Nearly jaywalking down Main Street with bulky green plastic boxes in hand, a friend and I made our way back from Paresky Commons. Frantically trying to beat the crosswalk timer, it was then that a Andover-esque conversational debate sparked—one about that University of Southern California (USC) professor who was put on leave for using the Chinese filler word, 那个 (nà gè), a phrase meaning “that one,” during one of his lectures. Due to the similarities between the pronunciations of 那个 and the n-word, as well as the assumption that the professor had used the racial slur, he received severe disciplinary action. I’d thought everyone else had the same stance as me—that the Mandarin language existed separately from the English language and that the degree of his punishment was uncalled for. Yet, I was rudely awakened when that friend shared their perspective. For them, the professor could’ve chosen another filler word, and he should’ve known its effect before he said it. It wasn’t obvious to me at the time, but I realized that this was a prime example of the erasure of Asian culture by white centricity, the very white centricity that affects the outlook I have on my own identity.
I’ll let you in on a little secret: I wasn’t always fond of my Asianness. Growing up as a second generation Asian-American, I found very little in common with my peers. I felt almost betrayed when the food my parents dropped off did not resemble a typical Lunchables meal. Despite being very conscientious in school, when it came to learning Mandarin, I barely tried. And when middle school finally rolled around, I blamed my pesky Asian genes for my not turning out to be an exact replica of Kendall Jenner. There was always an idea of annoyance or shame associated with Asianness. As with everything else that causes annoyance or shame, my only instinct was to avoid it at all costs. Yet, one fateful winter break morning, a stranger—a first-generation Asian American—approached me and my mother and started to ramble about his son, who was playing video games, watching movies, and reading books with the idea that the world revolves around white people. According to him, second generation kids like his son end up illiterate in their own heritage, barely knowing or perpetuating anything of their own culture. In a way, the media they consumed gave them an inherent desire for whiteness. These kids wanted to play lacrosse instead of badminton, eat pasta instead of pho, and would rather have long silky blonde hair over the black locks they were given. Being surrounded by certain societal aspects all the time normalizes them, and it’s within human nature to not only adapt to normalcy but to also strive for it. He deemed this phenomenon,“the banana generation.”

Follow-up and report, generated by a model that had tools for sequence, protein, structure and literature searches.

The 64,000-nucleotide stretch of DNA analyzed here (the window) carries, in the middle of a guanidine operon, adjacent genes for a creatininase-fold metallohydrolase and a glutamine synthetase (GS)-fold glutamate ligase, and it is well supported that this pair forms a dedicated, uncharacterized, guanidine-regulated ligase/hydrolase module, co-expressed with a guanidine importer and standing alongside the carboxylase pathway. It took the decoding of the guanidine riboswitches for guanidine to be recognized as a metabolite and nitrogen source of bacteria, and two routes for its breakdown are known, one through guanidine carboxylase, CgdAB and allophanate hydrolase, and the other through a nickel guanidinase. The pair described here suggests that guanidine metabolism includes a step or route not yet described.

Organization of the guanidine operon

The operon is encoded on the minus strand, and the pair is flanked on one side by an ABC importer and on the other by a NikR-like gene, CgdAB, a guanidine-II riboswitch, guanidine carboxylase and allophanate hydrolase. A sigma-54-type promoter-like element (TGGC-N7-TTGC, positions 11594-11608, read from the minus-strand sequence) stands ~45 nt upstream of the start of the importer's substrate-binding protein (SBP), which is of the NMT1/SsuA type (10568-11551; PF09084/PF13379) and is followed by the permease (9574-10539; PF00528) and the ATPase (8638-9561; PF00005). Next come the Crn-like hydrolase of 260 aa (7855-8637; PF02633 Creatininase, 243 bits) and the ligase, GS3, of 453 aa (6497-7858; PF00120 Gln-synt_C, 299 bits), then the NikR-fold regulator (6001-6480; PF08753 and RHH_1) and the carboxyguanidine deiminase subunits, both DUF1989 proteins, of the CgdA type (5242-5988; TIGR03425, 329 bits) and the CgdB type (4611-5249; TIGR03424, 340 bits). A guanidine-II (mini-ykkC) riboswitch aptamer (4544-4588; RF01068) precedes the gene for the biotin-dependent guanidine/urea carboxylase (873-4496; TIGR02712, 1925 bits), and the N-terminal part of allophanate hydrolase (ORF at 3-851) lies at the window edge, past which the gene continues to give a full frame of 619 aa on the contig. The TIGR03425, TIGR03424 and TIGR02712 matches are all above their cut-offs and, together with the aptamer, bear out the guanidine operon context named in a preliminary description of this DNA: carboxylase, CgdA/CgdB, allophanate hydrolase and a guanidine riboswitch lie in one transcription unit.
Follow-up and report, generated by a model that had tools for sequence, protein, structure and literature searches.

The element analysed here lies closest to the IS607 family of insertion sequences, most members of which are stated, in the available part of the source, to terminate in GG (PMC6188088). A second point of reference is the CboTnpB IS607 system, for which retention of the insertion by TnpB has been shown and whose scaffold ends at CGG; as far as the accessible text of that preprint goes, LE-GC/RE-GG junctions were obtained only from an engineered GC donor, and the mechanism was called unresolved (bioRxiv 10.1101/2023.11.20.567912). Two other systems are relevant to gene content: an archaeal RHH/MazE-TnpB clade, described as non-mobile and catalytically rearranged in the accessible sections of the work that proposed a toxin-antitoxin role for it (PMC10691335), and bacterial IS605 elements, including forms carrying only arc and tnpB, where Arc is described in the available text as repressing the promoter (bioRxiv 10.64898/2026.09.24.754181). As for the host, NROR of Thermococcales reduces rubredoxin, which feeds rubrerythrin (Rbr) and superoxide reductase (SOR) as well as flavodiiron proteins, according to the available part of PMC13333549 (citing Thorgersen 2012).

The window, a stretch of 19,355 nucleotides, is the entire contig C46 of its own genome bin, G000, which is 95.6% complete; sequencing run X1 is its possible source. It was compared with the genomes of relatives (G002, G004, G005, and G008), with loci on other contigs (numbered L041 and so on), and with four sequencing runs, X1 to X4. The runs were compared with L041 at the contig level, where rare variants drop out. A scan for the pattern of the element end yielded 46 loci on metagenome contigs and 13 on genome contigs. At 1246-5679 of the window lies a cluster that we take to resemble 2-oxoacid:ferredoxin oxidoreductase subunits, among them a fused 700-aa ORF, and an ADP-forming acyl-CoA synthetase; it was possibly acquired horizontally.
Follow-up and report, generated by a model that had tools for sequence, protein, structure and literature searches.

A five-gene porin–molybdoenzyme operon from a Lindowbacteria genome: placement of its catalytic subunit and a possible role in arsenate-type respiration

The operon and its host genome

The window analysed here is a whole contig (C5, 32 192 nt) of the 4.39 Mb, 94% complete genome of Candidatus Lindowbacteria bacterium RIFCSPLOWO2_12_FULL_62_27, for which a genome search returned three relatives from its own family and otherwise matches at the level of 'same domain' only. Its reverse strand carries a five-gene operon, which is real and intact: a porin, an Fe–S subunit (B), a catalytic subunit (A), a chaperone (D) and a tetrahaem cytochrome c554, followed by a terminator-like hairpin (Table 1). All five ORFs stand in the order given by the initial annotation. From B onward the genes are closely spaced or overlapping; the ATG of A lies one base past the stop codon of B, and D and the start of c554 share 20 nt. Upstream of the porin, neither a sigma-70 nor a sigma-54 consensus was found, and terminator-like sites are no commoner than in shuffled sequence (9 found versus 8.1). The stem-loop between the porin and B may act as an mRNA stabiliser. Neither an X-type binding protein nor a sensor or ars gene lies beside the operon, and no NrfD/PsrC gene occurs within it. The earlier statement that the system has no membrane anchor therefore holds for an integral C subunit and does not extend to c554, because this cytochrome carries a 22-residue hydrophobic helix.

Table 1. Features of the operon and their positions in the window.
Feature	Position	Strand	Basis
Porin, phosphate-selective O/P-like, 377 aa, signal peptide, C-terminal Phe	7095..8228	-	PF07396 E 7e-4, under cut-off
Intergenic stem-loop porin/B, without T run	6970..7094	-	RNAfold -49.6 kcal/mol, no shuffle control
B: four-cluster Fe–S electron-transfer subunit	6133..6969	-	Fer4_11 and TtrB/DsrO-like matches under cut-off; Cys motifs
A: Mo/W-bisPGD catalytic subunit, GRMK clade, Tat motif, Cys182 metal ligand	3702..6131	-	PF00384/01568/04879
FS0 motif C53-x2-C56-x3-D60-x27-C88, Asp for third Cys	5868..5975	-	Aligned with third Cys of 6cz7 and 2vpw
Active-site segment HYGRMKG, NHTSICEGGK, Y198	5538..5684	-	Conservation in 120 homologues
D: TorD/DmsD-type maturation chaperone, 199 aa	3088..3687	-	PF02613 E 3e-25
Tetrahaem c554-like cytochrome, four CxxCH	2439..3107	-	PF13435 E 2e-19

It’s very common for second generation Asian Americans to identify with this metaphorical banana: yellow on the outside but white on the inside. Yet, just having white characteristics on the inside isn’t enough. For many, there is an idea of dichotomy between the “yellow” appearance and white innards that can only be solved by the active avoidance of Asian traits in general. For the longest time, I ran away from my Asianness. Sure, my parents spoke Chinese at home and I looked Asian, but I wouldn’t be caught dead speaking Chinese back. I’d reject Tiger Balm but use calamine without second thought. And I knew that if I saw a classmate at the local Asian supermarket, it would be the most invigorating game of hide and seek (minus the seek) I’d play in years.
For a while, I thought having a ham and cheese every day was normal, as was speaking English and having a high nose bridge complemented by big blue eyes. After all, it was what I saw when I first stepped foot into preschool, barely knowing English; it was what I saw when I turned off the Chinese news broadcast to watch Disney Channel; it was what I saw when I hopped onto social media only to realize that most Instagram models shared a common trait of whiteness. In a way, I desperately wanted to peel away my Asian identity.